So I started walking in the direction that seemed reasonable to me. After 10-minutes of walking, I saw a couple walking towards me. I thanked my stars and run up to them. What they told me left me drained and unnerved. I had been walking in the wrong direction for the last 30-minutes. I had to double-back and join the trail again. It was 5:00 PM, my deadline by which I should have reached Chommrong (the next village). In that instant I realized I was lost. I checked my phone and I had already climbed 5,000 steps. I was on Day 2 and there were 6 more days to go!
Published here earlier.
Images credit – Kanika Gupta
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I huffed, puffed and panted up the hill, taking many rest breaks along the way. My calf muscles pained, my heart protested, and my breathing became heavy at one stage.
“Let’s turn back,” my husband remarked. We stood at the foot of Shravanbelagola – one of the most revered Jain pilgrimage centres. “We will not climb the hill,” he continued.
My husband and I were vacationing in Karnataka. It was the month of May, and even at the early hour of 8 am in the morning, the sun scorched our backs. After visiting Bangalore and Mysore, we had made a planned stop at this holy site in the Southern part of the state en route to Hosur. Even while planning our vacation, my husband was very excited at the prospect of visiting this place and the 18 m high statue of Lord Gometeshwara, considered one of the world’s tallest free-standing monolithic statues.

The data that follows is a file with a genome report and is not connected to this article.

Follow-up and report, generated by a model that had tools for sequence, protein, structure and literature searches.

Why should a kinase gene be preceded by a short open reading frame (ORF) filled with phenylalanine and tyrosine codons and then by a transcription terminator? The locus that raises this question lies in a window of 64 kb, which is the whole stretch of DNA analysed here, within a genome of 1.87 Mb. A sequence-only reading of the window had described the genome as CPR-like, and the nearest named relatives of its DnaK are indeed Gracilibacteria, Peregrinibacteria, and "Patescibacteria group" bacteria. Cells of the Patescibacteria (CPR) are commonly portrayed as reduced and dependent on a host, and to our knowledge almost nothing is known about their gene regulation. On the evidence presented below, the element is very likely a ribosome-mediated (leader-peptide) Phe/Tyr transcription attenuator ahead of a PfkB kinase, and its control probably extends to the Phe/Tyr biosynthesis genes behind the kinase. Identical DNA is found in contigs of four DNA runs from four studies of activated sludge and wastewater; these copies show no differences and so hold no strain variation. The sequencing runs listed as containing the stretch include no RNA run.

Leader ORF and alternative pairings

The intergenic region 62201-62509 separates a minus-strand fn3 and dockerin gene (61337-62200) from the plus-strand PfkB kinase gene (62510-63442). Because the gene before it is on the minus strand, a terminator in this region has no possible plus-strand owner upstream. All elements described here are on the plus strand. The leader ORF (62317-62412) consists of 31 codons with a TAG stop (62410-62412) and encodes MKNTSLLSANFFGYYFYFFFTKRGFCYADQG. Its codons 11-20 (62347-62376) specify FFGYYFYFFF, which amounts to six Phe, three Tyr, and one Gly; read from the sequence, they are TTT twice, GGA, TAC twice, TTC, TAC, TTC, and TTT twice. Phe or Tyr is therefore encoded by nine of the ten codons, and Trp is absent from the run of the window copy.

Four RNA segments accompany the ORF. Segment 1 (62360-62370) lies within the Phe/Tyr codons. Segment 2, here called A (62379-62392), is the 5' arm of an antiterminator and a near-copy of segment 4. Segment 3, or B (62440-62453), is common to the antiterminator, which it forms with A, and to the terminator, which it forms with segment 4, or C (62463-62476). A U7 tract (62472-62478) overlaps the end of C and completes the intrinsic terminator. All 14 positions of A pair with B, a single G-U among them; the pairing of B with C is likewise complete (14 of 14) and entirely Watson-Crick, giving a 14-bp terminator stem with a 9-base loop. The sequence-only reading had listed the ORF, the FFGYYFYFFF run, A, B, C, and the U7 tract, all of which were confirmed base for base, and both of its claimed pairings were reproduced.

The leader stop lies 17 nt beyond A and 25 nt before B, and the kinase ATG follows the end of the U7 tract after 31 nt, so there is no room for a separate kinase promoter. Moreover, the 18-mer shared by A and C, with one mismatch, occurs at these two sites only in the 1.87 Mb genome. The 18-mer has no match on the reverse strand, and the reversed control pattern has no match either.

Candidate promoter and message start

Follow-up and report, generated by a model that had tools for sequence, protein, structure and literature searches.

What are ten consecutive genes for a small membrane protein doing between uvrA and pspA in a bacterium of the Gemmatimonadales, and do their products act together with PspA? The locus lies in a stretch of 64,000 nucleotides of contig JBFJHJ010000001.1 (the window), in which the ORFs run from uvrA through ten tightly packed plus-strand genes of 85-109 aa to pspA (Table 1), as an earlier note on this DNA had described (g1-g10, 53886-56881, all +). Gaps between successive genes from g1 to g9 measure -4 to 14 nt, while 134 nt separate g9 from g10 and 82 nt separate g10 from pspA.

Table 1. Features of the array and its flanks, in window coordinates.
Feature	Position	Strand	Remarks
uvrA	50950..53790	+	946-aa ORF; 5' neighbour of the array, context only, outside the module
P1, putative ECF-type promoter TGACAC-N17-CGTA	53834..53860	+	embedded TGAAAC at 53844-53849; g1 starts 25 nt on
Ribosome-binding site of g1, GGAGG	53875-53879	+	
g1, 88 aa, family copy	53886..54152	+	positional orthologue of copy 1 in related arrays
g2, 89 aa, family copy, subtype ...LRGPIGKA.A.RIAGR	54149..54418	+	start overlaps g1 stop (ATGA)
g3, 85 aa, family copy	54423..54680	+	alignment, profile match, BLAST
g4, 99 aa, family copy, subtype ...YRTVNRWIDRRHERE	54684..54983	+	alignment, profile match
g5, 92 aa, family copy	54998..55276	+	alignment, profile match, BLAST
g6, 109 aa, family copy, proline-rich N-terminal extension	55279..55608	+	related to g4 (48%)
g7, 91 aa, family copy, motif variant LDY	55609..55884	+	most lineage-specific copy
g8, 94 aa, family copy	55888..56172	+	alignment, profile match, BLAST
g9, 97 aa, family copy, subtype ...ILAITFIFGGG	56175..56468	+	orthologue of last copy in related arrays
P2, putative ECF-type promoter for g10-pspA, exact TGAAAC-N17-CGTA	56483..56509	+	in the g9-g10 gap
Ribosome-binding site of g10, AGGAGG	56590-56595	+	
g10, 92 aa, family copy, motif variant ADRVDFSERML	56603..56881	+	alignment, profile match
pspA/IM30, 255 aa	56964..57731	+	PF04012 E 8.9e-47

What we hadn’t bargained for was there would be 1001 granite steps that needed to be climbed to have a close-up view of this colossal magic three thousand feet above sea level on a hilltop. It would be an understatement to term it as an arduous climb.
Why is the Social Media trend of young mothers of boys captioning their parenting video “Dear future Daughter-in-Law, you are welcome” deeply problematic and disturbing to me as a young mother of a girl?
I have recently come across a trend on social media started by young mothers of boys who share videos where they teach their sons to be sensitive and understanding and also make them actively participate in household chores.
However, the problematic part of this trend is that such reels or videos are almost always captioned, “To my future daughter-in-law, you are welcome.” I know your intentions are positive, but I would like to point out how you are failing the very purpose you wanted to accomplish by captioning the videos like this.
I know you are hurt—perhaps by a domestic household that lacks empathy, by a partner who either is emotionally unavailable, is a man-child adding to your burden of parenting instead of sharing it, or who is simply backed by overprotective and abusive in-laws who do not understand the tiring journey of a working woman left without any rest as doing the household chores timely is her responsibility only.